My first collection of erotic short stories has just been published for the Kindle on Amazon. It’s called Sex with a Sting: Six Erotic Fantasies with a Kink in the Tail. You can read more about it here, but basically each story takes a standard fantasy and gives it a vicious little twist. It’s hot and steamy and erotic and hard and wet and wonderful. I do hope some of you will give it a bash. As it were.
Go on, buy it now…
Moan, Pant, Sigh
But now that slim volume is just another cock stuck in the big wide hole of erotic fiction, I’d like to write about a problem I’m having with what I’m calling, ‘Erotica Vernacular’.
Here’s the thing: there are a lot of words that recur, quite naturally, in erotica: push, pull, slide, kiss, lick, grab, moan, sigh, tug, bite, strain, slip, wet, slick, hard, come, stiff etc. Part of the challenge of writing erotica is to use these words in moderation and at the right times, and, where necessary, choosing synonyms that still fit the feel of what is happening in the story.
And sometimes that can be very difficult. The word ‘moan’, for example, is vital to almost every erotic tale, but it’s extremely tough to replace. ‘Pant’ sounds like the character has temporarily morphed into a chocolate labrador (although I think such an occurrence can happen in some shape-shifting erotica. I’m not here to judge, mind). ‘Sigh’ is okay, but it sounds weak and wet – it lacks the power of a moan. ‘Grunt’ conjures thoughts of flatulence. ‘Cry’, ‘sob’ and ‘wail’ work in some stories, but could seem disturbing in others. I have used ‘groan’, but it does sound like the noise a character might make when their male partner loses his boner. ‘Mewl’? Maybe for a very feline role. ‘Whimper’? In certain conditions, I suppose.
‘Caterwaul’? I have not used caterwaul yet. But maybe I should. Maybe we all should.
Pussy, Nub, Muff
But it’s when we get to the sexual organs themselves that I have particular concerns about the Erotica Vernacular. I think all of us probably get a little tied in knots trying to find new words to describe the vagina and the penis (giggle).
There’s plenty of choice for words to describe female genitalia, but strangely the biological terms seem reasonably rare. You scarcely see the word ‘vulva’, for example, which I think is shame because it’s a beautiful, almost onomatopaeic, word. Soft and sensual, with a hint of something velvety.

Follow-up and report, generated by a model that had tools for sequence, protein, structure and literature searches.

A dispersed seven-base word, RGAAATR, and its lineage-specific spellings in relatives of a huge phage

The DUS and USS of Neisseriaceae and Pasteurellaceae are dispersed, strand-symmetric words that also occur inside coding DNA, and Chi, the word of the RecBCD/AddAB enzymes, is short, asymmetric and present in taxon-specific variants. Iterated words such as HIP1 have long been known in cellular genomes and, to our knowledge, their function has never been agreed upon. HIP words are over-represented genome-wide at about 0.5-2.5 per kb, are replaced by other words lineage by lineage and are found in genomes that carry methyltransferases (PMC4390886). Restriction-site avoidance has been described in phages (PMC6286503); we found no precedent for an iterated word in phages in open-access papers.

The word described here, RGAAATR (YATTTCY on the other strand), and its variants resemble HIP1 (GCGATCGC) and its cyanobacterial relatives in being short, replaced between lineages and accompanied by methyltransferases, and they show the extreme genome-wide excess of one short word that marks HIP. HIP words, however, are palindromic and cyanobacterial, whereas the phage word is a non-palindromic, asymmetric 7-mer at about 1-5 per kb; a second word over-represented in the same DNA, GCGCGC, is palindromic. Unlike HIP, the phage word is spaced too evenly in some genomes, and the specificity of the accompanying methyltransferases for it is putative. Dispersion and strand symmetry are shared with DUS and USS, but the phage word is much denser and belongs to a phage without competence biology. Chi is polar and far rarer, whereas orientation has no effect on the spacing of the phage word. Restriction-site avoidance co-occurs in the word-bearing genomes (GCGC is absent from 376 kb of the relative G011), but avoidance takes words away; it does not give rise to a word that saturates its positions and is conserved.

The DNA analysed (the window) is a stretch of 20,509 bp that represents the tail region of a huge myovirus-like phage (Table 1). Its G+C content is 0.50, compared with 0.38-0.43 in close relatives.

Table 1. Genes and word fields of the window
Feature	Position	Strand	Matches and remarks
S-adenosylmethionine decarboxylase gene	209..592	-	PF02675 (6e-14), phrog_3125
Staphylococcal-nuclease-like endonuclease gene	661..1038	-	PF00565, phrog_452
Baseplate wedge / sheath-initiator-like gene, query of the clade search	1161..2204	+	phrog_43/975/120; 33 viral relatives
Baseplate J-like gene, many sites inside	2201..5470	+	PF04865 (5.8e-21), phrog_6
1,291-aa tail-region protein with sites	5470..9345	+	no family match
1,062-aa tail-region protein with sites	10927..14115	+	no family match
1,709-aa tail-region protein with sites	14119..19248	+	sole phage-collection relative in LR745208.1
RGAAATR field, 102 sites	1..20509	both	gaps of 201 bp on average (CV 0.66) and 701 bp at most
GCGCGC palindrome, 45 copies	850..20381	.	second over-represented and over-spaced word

‘Vagina’ is the same. I’m not sure why it is so seldom used; it has a nice chime with ‘virgin’, after all. Maybe it’s because of that awful abbreviation used mainly by teenage boys: ‘vag’. Or perhaps it’s dismissed because it rhymes with ‘angina’? You don’t want to be thinking of an illness associated with the elderly during a lustrously lustful scenario, after all.
‘Hole’, ‘entrance’ and the queen of vagina synonyms, ‘pussy’ are all in frequent use, while ‘cunt’ is a particularly interesting case because it is so widely seen as the most offensive swear word in, ahem, ‘decent society’. However, its impact on an intense sex scene can be like a hand grenade going off – it has incredible power to really transmit the gorgeous, wanton desire present in the tryst.
‘Lady garden’, however, is best kept for comedy. ‘Twat’ and ‘snatch’ feel pointed and juvenile. ‘Muff’ is kind of sweet, but I’ve always felt muff reflected the state prior to arousal. Maybe that’s just me.
I’m uncomfortable with using ‘nub’ for ‘clitoris’, too. I can understand the need to find a rival to ‘clit’, ‘sweet spot’ and, if you like, ‘button’, but ‘nub’ just feels wrong. It sounds like ‘stub’; the grubby end of a cigarette, something cut off, something not whole, something broken even. Surely this most wondrous of protrusions deserves something more fulsome and complimentary than ‘nub’? How about: ‘Vagina Nose’? No. No. Sorry, everyone.
Cock, Rod, Dong
Words like ‘nub’ and ‘sheath’ (for vagina) tend to take me out of the moment and I find the same problems in the language of the male genitalia too. ‘Cock’ is fantastic, naturally, ‘dick’ is good and I think ‘penis’ is perfectly serviceable and a little underused.
‘Member’ feels like using a different word for the sake of it – I don’t think it carries enough meaning – not like ‘shaft’, or even ‘prick’. ‘Rod’, ‘bone(r)’, ‘knob’, ‘hard-on’ and, at a push, ‘pole’ all have their place. But plenty of others just have the effect of making me laugh: ‘trouser snake’, ‘dong’, ‘pecker’, ‘love muscle’, ‘skin flute’. ‘Fuck stick’.
Such words blink at me on the page. They interrupt the spell of sex. And sometimes I wonder whether in grasping for different terms, we actually hurt what we’re really trying to say, because, almost by their nature – that of being ‘alternatives’ – they are not quite right.
It is important, of course, to be creative and inventive and to discover and espouse all kinds of new words and different ways of expressing lovemaking, fucking, shagging, fornicating, screwing, mating, banging, penis-injecting and copulating, but all I’m saying is that, perhaps sometimes, the most obvious word is the best. Maybe I’m wrong, who knows?
Now, go forth and read and write erotica for the rest of the day until you’re really, really horny.
Buy Sex with a Sting: Six Erotic Fantasies with a Kink in the Tail